Google Nest Hub Radio Alarm Issues

I have both Google Nest Hub generation 1 and generation 2 devices, which seem to have issues consistently in playing a radio alarms. Doing a quick Google search and it appears that I am not the only person having this problem. The dates from the results also suggest that it has been a persistent issue for a number of years unfortunately 😦

I have factory reset the devices, tried a number of different radio stations, etc. and it seems that every other day the radio alarm will not play and a traditional alarm will played instead. I double checked to ensure that the devices only have a single alarm and it is a radio alarm.

Both devices do not have issues with network connectivity and the only thing that I can think of is that there is some software bug that is causing the radio alarm not to play. However the one problem with that is the radio alarm sometimes does play. Generally if it is a software issue then it would either work or it would not work, ie. 0 or 1.

I am a little confused about how to resolve this issue as it seems that Google support know of “an issue” with radio alarms but have given no other information. The troubleshooting steps I have already gone through from the support forums and have not helped. One solution I found was to have instead a routine that is triggered at a certain time and to play a radio station instead of having a radio alarm. But that sort of defeats the purpose of having a radio alarm.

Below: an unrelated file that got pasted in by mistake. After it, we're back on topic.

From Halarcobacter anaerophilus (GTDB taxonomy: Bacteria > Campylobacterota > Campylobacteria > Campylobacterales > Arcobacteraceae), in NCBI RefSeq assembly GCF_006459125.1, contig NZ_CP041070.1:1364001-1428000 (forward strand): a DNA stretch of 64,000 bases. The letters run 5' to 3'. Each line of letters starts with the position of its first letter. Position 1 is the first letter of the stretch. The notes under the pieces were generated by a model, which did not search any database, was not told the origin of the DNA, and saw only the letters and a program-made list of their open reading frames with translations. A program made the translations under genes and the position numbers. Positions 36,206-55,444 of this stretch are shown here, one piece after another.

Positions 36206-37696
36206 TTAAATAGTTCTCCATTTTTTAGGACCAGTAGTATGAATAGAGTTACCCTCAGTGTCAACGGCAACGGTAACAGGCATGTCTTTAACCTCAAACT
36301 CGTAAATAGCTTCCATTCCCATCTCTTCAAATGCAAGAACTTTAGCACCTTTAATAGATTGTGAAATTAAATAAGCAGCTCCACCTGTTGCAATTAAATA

If anyone out there has any solution or steps that I can try to resolve this issue then it would be greatly appreciated. I love both my Google Nest Hubs and with the second generation the new sleep sensing features are fantastic as I have difficulty wearing any watch or ring to monitor my sleeping pattern, etc. while I sleep.

Returning back to BJJ in 2021

Last week on Thursday (14/01/2021) I went back to my local MMA school that I was going to for a around 2 years; if you are in the area and are interested in going to a great MMA school with fantastic training partners and knowledgable teachers then check out Reflex Mixed Martial Arts Center. I highly recommend them not only for BJJ but MMA, boxing and just conditioning/fitness in general. The facility is extremely high quality and so is the experience too.